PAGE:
Defective tyres ranked above faulty brakes as highest contributor to crashes last year, new DfT figures show

Poor tyre maintenance was the most common reason for car accidents in Britain last year, new figures published by the Department for Transport (DfT) have revealed.

Across the 12-month period, 446 accidents were linked to defective tyres, beating faulty brakes to the top spot by 81.

Low pressures, tread that has worn below legal limits and damage are listed as the main tyre issues, suggesting many motorists are neglecting to regularly check the condition of their car’s tyres.

Andrew Jervis, co-founder of car repair website ClickMechanic, recommended better and more regular maintenance to reduce the chances of tyre failures or blowouts.

“Some UK drivers are not servicing their car regularly or conducting simple checks, such as measuring the air pressure in the tyres,” he said. “All drivers should follow their manufacturer’s recommended schedule and ensure that any anomalies are assessed by a professional as soon as possible.”

Are part-worn tyres safe?

Jervis's comments echo those of TyreSafe, a UK organisation that promotes tyre safety. Earlier this year, it produced the results of a study that suggests the purchase of part-worn tyres was also contributing to issues, with 58% of tested used tyres having defects.

Chairman Stuart Jackson said: “Motorists depend on tyre dealers to supply and fit this safety critical component in a roadworthy and legal condition but are instead being duped into buying a product that could potentially be life-threatening. Even if sold legally, TyreSafe urges Britain’s motorists not to buy part-worn tyres for the sake of their own safety and other road users.”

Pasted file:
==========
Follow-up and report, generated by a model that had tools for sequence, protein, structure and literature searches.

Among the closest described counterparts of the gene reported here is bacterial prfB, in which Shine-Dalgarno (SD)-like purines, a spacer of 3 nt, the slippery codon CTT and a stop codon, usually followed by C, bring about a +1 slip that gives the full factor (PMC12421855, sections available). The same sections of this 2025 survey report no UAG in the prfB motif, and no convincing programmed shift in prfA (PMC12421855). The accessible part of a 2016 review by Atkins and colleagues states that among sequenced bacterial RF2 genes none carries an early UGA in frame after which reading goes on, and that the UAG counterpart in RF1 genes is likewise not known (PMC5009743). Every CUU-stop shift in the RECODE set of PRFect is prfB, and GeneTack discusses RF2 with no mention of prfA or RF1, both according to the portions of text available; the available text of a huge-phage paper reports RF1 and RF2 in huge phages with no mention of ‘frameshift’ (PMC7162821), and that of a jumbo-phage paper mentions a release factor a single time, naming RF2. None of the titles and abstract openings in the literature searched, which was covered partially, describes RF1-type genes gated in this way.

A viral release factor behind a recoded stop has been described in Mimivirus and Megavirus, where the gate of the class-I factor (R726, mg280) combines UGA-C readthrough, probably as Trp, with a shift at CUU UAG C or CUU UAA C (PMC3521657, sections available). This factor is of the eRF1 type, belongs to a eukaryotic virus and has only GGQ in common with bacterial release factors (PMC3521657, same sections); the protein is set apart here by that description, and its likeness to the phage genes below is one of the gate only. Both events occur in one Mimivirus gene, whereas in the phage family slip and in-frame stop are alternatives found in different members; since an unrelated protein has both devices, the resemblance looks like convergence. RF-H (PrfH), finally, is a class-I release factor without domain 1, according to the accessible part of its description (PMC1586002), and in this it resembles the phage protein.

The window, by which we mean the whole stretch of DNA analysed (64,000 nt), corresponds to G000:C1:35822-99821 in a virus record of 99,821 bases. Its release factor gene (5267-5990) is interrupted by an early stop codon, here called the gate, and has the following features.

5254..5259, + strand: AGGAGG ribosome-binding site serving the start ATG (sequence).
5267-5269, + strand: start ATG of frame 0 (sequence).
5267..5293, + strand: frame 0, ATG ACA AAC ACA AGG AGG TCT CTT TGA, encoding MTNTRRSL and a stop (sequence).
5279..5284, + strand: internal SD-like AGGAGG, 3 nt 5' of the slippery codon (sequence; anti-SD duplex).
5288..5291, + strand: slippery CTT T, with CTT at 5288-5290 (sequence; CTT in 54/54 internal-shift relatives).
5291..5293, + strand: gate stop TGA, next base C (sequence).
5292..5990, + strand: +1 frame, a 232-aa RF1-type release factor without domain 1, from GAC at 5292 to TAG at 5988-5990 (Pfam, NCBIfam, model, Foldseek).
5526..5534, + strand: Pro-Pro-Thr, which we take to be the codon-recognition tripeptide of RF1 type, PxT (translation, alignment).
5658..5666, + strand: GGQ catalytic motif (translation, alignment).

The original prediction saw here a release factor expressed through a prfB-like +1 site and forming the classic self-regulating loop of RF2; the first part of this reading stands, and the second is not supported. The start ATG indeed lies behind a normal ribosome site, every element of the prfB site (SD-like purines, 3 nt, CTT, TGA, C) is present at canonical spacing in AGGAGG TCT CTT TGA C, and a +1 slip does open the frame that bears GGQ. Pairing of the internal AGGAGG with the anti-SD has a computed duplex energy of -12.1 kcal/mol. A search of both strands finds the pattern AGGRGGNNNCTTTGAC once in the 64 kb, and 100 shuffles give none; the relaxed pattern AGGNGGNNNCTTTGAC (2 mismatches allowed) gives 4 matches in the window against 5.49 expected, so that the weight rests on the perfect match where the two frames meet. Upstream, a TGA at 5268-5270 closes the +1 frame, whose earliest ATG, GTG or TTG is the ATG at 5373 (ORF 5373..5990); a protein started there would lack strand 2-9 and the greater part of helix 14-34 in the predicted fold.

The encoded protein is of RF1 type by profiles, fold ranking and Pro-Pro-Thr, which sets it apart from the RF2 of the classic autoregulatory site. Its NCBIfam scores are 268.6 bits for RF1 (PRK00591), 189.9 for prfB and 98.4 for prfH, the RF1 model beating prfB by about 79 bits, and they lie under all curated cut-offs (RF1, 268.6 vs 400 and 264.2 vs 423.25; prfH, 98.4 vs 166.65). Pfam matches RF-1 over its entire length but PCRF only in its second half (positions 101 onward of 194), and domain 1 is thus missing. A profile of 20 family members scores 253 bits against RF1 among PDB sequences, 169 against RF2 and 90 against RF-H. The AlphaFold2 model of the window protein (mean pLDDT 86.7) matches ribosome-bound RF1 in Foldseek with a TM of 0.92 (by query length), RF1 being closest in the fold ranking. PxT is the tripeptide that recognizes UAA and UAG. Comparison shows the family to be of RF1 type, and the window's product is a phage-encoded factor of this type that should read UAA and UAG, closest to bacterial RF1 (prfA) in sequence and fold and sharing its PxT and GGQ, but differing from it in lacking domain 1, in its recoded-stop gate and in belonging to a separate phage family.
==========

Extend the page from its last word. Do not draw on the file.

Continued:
Despite tyres ranking top for cars, of all vehicles – including bikes, buses and bicycles – the DfT’s figures showed that faulty brakes were the most common reason for collisions. Defective steering or suspension was the next most common contributor, ranking higher than poorly and over-loaded vehicles.

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Comments
5

3 October 2017

"tread that has worn below 3mm" won't make the tyre defective or even illegal.

Plus I'm surprized only 446 accidents were caused by defective/illegal tyres

 

Hydrogen cars just went POP

3 October 2017

Everyone knows that most accidents are caused by bad driving. I'm sure that what's meant is that poor tyre maintenance is responsible for most mechanical defect accidents, which isn't quite the same thing. I'm not suggesting that tyre maintenance isn't important, just that driver inattention and misjudgement is way way more important.

So check your tyres regularly, but make sure that your concentration behind the wheel never lapses for even a second!

3 October 2017

If mechanical knowledge was required before allowing people to drive cars, it would cut accidents caused by faulty tyres and brakes.

How many people do you know who can’t check oil, fill a washer bottle, change a wiper blade, or even spot when they have a flat or worn tyre?

It seems crazy that we let people drive at high speed in a vehicle they barely understand. 

4 October 2017
HiPo 289 wrote:

If mechanical knowledge was required before allowing people to drive cars, it would cut accidents caused by faulty tyres and brakes.

How many people do you know who can’t check oil, fill a washer bottle, change a wiper blade, or even spot when they have a flat or worn tyre?

It seems crazy that we let people drive at high speed in a vehicle they barely understand. 

Interesting point: I suspect the number of drivers who check their own vehicle before travelling is at an all time low.
Too many drivers seem view cars as white goods and have no understanding of even the most basic maintenance requirements - I've even come across people who think their tyres (and pressures) only need to be checked once per year, at the MOT!!

3 October 2017

Where is the back story to this "news"?

What was the history, annual data going back to when data started to be collected?

How important were legal but worn tyres? Tyre damage directly attributable to poor road maintenance?

Vehicles without MOT?

There should be some important learnings here rather than Parroting a DfT PR release.

 

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